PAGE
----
Vegan Baking: How To Substitute Eggs & Butter

Baked goods like cakes, muffins, and biscuits are delicious and a fun way to treat yourself. Even a hearty muffin can make for a great breakfast if the ingredients are right. If you’re vegan, however, it can be hard to find suitable baked goods. Why is that?

Most baked goods are made with eggs and butter. These two ingredients don’t meet vegan requirements. Furthermore, people who are allergic to dairy may find themselves feeling ill after eating certain baked goods. Thankfully, there are some great ways you can substitute eggs and butter.


The Role of Butter & Eggs in Cooking

Why do we need butter and eggs anyway? These have always been staples of baking because they bind ingredients together and keep the mixture moist. Without them the final product would be a mess, and a dry one at that.

While they work really well, they add saturated fats and cholesterol to our baked goods. There are a couple of ways you can substitute eggs and butter. Vegan margarine and egg substitutes are a quick and dirty way to get the job done, but there are other ways that make your finished product even healthier—with fewer ingredients.


7 Plant-Based Substitutes For Butter and Eggs

1. Flax Egg

You can create your own version of an egg from flaxseed and water. Mix 1.5 tablespoons of ground flaxseed with 2 tablespoons of water. This will substitute 1 egg in your recipe. Not only that, but you’ll also get some omega-3 fatty acids as part of the deal.

Keep in mind that you should only use this substitute for 2-3 eggs at most. Otherwise, the flaxseed will mess with the texture of your recipe.

2. Unsweetened Applesauce

I did a double-take when I heard about this substitute. How the heck does that work? The applesauce adds moisture to the dish, but don’t use more than a cup. Otherwise, you’ll come out with a mushy final product.

In your recipes, applesauce is a 1:1 ratio. If you need 1/4 cup of oil/butter, use 1/4 cup of applesauce instead. Keep in mind that you must use unsweetened applesauce so you don’t make the final product overly sweet.

3.  Mashed Bananas

Ripe bananas are great when mashed and used in baking. They add moisture and bind ingredients together in the same way eggs do. You also get a nice banana flavor in the final product. It’s great for recipes like oatcakes.

If you don’t want any flavor from the bananas, consider using under ripe bananas instead. A single banana can be used to substitute a stick of butter in any recipe. If your recipe has a lot of binding ingredients, consider splitting the duties between mashed banana and applesauce so you don’t alter the texture.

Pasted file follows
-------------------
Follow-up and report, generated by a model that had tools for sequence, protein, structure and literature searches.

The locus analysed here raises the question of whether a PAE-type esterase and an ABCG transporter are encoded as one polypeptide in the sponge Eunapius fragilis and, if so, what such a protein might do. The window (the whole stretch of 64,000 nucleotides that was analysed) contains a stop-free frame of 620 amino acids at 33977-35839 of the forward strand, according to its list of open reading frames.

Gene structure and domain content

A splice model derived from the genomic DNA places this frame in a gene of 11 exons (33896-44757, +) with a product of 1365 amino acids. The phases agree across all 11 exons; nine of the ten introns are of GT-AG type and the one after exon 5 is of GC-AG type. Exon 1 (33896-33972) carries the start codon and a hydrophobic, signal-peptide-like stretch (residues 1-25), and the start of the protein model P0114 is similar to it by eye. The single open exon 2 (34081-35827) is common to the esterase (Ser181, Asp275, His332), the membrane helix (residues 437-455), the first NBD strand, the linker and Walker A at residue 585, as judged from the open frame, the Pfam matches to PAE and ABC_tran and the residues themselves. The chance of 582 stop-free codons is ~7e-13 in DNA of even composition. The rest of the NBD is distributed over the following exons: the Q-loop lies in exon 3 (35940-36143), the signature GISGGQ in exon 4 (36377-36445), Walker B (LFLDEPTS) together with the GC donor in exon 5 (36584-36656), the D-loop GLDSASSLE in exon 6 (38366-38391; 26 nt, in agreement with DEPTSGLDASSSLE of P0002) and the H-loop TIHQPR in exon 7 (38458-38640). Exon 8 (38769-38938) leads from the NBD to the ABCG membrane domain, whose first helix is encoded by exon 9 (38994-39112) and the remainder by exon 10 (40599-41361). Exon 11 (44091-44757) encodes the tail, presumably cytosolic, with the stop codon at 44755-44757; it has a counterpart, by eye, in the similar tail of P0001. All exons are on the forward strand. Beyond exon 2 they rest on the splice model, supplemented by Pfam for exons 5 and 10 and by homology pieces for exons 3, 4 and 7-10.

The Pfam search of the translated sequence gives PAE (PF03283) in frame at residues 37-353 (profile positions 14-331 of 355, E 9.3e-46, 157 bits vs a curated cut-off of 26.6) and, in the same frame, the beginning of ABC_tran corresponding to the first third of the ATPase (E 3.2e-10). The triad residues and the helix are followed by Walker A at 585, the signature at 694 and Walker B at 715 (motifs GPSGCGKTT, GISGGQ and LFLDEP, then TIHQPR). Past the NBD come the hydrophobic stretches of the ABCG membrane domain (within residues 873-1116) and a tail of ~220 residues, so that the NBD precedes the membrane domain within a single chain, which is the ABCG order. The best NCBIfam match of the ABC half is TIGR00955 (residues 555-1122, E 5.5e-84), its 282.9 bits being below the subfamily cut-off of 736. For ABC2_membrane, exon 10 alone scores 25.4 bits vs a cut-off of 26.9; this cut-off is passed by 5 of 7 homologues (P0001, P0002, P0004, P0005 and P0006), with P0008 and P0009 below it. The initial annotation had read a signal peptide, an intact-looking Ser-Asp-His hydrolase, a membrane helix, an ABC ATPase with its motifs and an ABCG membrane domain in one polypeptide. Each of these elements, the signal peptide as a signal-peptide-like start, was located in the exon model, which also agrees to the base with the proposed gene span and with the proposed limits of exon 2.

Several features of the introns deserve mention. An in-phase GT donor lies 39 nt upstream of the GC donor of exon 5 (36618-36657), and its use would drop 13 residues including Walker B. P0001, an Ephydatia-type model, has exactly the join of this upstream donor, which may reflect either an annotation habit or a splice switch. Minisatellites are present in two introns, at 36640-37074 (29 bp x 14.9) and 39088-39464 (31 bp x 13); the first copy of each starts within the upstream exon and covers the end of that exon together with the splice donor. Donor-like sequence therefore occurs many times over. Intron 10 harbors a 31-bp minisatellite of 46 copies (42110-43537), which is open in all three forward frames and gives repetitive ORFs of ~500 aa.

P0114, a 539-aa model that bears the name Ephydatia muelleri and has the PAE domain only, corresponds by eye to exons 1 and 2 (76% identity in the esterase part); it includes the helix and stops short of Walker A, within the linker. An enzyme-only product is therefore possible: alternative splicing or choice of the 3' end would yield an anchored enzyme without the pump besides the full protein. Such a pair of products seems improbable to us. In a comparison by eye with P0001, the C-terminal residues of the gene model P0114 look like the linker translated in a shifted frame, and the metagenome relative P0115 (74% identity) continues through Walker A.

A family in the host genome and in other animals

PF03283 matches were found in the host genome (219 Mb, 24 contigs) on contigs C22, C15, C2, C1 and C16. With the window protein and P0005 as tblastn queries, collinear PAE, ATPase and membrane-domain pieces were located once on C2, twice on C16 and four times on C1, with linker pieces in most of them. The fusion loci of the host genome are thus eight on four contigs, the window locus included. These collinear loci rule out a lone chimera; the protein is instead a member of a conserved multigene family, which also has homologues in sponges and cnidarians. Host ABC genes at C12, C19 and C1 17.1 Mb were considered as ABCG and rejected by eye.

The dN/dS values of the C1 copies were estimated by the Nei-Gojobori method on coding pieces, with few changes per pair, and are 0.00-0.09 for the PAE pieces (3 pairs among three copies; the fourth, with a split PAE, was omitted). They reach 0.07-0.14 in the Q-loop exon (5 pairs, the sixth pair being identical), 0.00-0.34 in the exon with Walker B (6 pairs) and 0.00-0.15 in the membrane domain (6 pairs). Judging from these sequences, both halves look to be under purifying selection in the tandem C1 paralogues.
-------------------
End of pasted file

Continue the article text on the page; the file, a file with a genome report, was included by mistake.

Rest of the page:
4. Pumpkin Puree

Pumpkin puree is another one of those ingredients you wouldn’t think of, but it makes for an excellent binding agent. If you’re making something with pumpkin flavor, it’s a no-brainer. The final product is incredibly moist and smooth with this substitute.

If you test it out in the spring and love it, save some for the fall and get ahead of the game with pumpkin-themed dishes. For substitution purposes, always use 1/4 cup of pumpkin puree for every egg in the recipe.

5. Coconut Oil

The other night I was making a dessert for a vegan friend, and I decided to try using coconut oil instead of butter. The dessert was a chocolate cookie and brownie pie. To substitute the eggs, I used applesauce.

The final product was excellent. Very moist with a great texture. As an added bonus, the coconut oil added this very subtle coconut flavor that everyone really enjoyed. Make your substitutes do double-duty by thinking about the flavors they add.

Since coconut oil has more fat than butter, do not make this a 1-to-1 substitute, or you will end up with an oily finished dish. Instead, use about 75% the amount called for in the recipe. For example, if you’re supposed to use two tablespoons of butter in the recipe, substitute it with 1.75 tablespoons of coconut oil to balance things out.

6. Avocado Puree

Before you start shaking your head, consider the consistency of a mashed avocado. Smooth, moist…everything you want from your substitute. You’ll need to use a food processor or something equivalent to get all the chunks out first.

It does add a brown color to your baking, so only use this with chocolate-based recipes. Also, be careful about using too much. This is not a 1-to-1 substitute.  Instead, use between 2 tablespoons and 1/4 cup of avocado puree for every egg in the recipe.

7. Beans

Our final substitute is another shocker, but it’s a good one. Mashed beans can actually make a great substitute in cookies, of all things. For example, The Great Vegan Cookbook by Kathy Hester recommends using an entire can of mashed chickpeas in her vegan cookie recipe.

Not only do the mashed beans do a great job of binding ingredients, but they also add protein and fiber to your baked goods.

Another option is to use aquafaba, which is the liquid you normally drain from cans of chickpea beans. You can whip this liquid, much like egg whites, to substitute them for eggs in recipes.

You can use between 2-3 tablespoons of this liquid or mashed beans for every egg in the recipe.


Whether it’s for health or dietary choices, you can easily substitute eggs and butter in your recipes.

How do you change things in your baking to make them healthier? Or vegan? Let us know in the comments!